Over time, this view of darkness shifted. In their book The Myth of the Goddess, Anne Baring and Jules Cashford write that beginning in the Bronze Age, around 2500 BCE, death came to be seen as “an absolute end and the opposite of life.” And by the Iron Age, beginning around 1200 BCE, this viewpoint had solidified the notion of darkness as “bad.”
“Blackness is an image that was always associated with the Great Goddess,” write Baring and Cashford. “It symbolized the ineffable wisdom and mystery of life and its power to regenerate itself. But during the Iron Age, as the goddess was replaced by the god, blackness came to be a symbol of darkness in the sense of evil.”
We can still find the Dark Mother in Goddess-worshiping traditions spanning both time and geography. The wondrous Kali, Hindu Goddess of creation, destruction and shadow, is often depicted with black as well as blue skin. The Buddhist Goddess Tara, in her Black form, is associated with power. Isis, the Egyptian Goddess of Heaven, Earth and the Underworld, is frequently depicted with dark skin.
Some of the most haunting images are those of the Black Madonnas, the paintings and statues found all over Europe that depict the Virgin Mary with dark skin. This phenomenon extends beyond Europe — in his book The Cult of the Black Virgin, Ean Begg notes that some 450 images of the Madonna with dark skin have been documented around the globe.
Like the other Dark Goddesses, the Black Madonna is the Great Mother of our Paleolithic ancestors, the one we remember even when we don’t. She is our attempt to reconcile the harsh one-sided vision of God given to us by patriarchy with our Goddess-worshiping roots.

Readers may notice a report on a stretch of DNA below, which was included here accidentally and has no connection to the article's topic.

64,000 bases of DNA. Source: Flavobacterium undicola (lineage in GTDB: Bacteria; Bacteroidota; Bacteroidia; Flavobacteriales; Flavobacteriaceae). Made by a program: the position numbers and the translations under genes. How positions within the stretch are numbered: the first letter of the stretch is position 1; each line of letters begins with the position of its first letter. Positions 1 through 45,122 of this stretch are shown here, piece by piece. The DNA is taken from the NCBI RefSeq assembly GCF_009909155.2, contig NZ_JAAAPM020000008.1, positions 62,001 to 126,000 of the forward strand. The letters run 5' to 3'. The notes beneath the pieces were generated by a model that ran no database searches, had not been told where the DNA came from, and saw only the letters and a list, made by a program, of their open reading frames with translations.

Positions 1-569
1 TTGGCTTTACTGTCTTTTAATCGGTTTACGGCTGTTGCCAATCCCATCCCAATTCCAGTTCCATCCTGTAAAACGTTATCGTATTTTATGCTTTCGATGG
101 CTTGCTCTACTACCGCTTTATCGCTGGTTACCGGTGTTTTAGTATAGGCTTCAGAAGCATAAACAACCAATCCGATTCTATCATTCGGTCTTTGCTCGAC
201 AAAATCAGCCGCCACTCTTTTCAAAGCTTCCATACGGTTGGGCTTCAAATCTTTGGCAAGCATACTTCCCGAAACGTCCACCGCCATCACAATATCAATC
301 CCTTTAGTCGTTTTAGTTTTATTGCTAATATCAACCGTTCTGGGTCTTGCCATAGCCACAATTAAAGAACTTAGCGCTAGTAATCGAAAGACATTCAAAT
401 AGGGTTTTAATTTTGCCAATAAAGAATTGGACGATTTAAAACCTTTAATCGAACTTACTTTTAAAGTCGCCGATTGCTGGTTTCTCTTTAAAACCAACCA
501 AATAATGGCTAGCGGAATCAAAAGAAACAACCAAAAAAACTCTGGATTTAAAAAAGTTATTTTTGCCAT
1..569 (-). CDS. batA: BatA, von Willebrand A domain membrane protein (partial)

She is the soil of the earth. The darkness of the void. The One of whom we are born, and to whom we will return.
We all emerge from many months of darkness within our mothers. Somewhere, deep within us, we remember this. Everything that sustains us, every last ounce of food, every article of clothing, every piece of shelter, emerges from the darkness of the Earth as well. And every last thing, including our bodies, will return to that darkness in the end.
Reclaiming a relationship with the Dark Mother, then, requires us to reimagine our relationship with darkness. Yes, there are fearsome things lurking within it, only not the things we think.
What was I really afraid of when I stepped out onto my dark patio for the first time? Was it an encounter with a wild animal or an insect or a crazy person — or something a little more personal?
When we begin our journey into darkness, we realize quite quickly that the things we have to fear the most are the unclaimed parts of ourselves, lurking in the shadows. Yet seeking them out is the only way we can ever truly be whole.
I’ve encountered some amazing things in the darkness. Once I noticed a tiny set of glowing eyes peering at me from the top of a fence. It was a mouse, observing me quietly. Once, a lizard sat curled in a plant beside me for an entire week, sleeping lazily even when I opened the door to go in and outside. Twice I’ve seen the black-and-white striped tail of a skunk scurrying by in the darkness — fortunately on the other side of the fence.
I think the darkness is also where I really began hearing Her. Sometimes She took the form of the wind, moving through the trees in the yard. Sometimes She was the light of the moon, or the glow of a distant planet. Sometimes She sounded like a pair of barn owls, breaking the stillness with their hoots.
There is great power within the darkness. And beauty. And if we are brave and willing to come into it again and again, tremendous peace.
Elizabeth Childs Kelly is a writer, Goddess educator, yoga instructor, mother of two, and an unabashed lover of the Divine Feminine. She is the author of the forthcoming book, Home to Her: Rediscovering the Ancient Wisdom of the Sacred Feminine. You could connect with her on Instagram, and join the conversation about the Divine Feminine on Facebook.